The key to providing care for a person with dementia is to understand that they see the world differently than you do, and the world they see is real to them. This can sometimes make communicating with them somewhat challenging. However, it can be easier when you keep it positive.
Someone with dementia sees the world differently. As a caregiver, you can help create an environment that is both comfortable and comforting, and protects your loved one from common hazards. Since dementia can affect vision, adding contrast to the environment will help your loved one get around and identify things around the house. For example, use a brightly colored seat on a white toilet, or use different color dishes and silverware. However, keep in mind that rugs and patterns in carpets or tile that are in contrasting colors may cause your loved one to misidentify them as holes or steps.
REALITY: The term dementia is very broad and simply refers to brain failure that is happening as the result of an underlying disease. While 60-80 percent of those living with dementia have Alzheimer’s disease, there are other causes of dementia that will not necessarily progress into Alzheimer’s symptoms.
REALITY: Although having a family history of dementia slightly raises an individual’s risk of developing the disease, the most significant risk factor is age. According to the Alzheimer’s Association, one in nine people age 65 have Alzheimer’s disease, but that increases to one in three after age 85.
REALITY: Maintaining a healthy diet and exercise routine is important for your brain, as well as your body. However, be skeptical of claims that a specific food or nutrient is a significant cause of dementia.
REALITY: Dementia changes how a person understands and responds to the world around them. However, a lot of behaviors common to dementia are triggered by something in the environment, such as body language, obstacles, contrast and more. Like others, they respond to what’s around them, but because of their dementia, their responses may not be what you expect.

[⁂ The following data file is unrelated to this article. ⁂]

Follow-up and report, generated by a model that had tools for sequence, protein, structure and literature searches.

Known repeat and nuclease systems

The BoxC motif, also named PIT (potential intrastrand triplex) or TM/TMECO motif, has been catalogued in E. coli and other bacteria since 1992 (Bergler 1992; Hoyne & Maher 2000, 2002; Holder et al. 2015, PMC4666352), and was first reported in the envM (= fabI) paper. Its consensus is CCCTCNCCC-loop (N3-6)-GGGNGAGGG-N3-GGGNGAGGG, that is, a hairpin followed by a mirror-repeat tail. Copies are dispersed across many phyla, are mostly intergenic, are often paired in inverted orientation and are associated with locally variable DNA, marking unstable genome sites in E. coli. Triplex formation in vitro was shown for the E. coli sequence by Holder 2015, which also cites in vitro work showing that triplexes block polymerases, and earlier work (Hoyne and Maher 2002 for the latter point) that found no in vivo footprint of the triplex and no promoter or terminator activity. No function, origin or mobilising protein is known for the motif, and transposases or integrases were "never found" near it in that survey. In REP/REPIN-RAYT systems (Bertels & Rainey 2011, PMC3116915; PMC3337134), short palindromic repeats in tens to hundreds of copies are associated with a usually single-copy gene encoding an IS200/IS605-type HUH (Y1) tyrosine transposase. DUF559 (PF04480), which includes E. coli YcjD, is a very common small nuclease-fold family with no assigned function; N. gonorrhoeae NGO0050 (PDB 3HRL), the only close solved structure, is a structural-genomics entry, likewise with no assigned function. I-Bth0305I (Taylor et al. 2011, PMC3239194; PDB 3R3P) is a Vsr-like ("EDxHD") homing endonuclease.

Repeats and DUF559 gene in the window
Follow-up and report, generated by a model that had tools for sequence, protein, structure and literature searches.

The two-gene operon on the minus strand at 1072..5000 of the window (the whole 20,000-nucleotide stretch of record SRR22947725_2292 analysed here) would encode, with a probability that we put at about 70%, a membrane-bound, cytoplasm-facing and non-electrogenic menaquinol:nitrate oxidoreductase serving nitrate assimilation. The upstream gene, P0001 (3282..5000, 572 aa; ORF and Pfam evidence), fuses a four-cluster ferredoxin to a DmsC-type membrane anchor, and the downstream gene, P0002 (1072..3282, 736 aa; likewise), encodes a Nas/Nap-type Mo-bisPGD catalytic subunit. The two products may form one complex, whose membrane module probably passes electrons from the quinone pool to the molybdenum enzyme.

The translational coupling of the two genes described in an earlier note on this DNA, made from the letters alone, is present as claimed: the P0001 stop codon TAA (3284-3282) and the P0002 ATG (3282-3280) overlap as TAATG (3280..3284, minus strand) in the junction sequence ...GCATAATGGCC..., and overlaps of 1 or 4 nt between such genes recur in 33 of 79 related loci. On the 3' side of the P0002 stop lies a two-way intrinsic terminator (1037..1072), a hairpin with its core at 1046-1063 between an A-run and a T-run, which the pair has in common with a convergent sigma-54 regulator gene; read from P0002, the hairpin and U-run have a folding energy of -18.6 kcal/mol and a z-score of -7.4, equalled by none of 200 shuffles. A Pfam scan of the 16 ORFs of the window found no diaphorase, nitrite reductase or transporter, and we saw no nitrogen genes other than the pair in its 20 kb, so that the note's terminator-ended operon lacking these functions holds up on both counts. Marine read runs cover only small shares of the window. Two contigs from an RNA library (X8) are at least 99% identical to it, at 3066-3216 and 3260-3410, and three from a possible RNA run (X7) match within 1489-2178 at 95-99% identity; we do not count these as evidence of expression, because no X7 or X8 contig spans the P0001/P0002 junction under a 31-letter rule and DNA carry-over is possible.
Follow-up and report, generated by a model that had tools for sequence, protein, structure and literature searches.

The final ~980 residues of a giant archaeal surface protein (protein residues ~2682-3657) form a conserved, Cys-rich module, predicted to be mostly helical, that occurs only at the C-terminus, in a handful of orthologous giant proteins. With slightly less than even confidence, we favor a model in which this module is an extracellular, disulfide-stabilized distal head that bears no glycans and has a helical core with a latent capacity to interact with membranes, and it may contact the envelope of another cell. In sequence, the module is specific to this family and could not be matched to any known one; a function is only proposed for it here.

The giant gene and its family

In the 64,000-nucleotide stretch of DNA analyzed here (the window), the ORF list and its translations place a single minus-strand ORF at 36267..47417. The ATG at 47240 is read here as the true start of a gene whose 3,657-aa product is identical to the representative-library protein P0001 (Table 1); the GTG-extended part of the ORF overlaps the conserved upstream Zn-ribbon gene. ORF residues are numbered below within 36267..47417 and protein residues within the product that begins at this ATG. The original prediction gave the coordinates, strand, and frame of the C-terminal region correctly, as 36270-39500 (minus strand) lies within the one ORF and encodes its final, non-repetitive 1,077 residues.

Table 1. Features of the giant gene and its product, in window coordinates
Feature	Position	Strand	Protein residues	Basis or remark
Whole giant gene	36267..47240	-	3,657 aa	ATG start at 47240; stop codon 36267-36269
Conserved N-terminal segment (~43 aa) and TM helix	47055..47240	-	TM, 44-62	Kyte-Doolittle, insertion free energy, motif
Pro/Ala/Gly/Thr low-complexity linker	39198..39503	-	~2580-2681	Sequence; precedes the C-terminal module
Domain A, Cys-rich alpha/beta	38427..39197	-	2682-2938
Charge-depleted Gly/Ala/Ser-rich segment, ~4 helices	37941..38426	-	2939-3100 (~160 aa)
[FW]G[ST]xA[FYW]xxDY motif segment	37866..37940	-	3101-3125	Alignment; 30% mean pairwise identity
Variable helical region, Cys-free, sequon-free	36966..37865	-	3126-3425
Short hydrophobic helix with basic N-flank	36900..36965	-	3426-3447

TRUTH: When safety is not a concern, it may be best to allow your loved one to wander. Instead of stopping them or trying to redirect them, ask them what or who they’re looking for. This can give you some insight into their reality and builds trust.
The Alzheimer's Association offers 10 early signs and symptoms of Alzheimer's disease and recomend that you schedule an appointment with your or your loved one's doctor if you recognize any of them. They include:
Caregiving has many faces in Ohio, and includes situations in which grandparents or other relatives or friends become primary caregivers for children when their parents are unable or unavailable to do so. These arrangements can be temporary, but often are permanent. In a system that typically favors the immediate family, these "extended" families often face unique challenges. The Department of Aging proudly supports Kinship Care, to ensure all kin caregivers are directed toward and able to access available supports.
Caregiving - Curated tweets by OhioDeptOfAging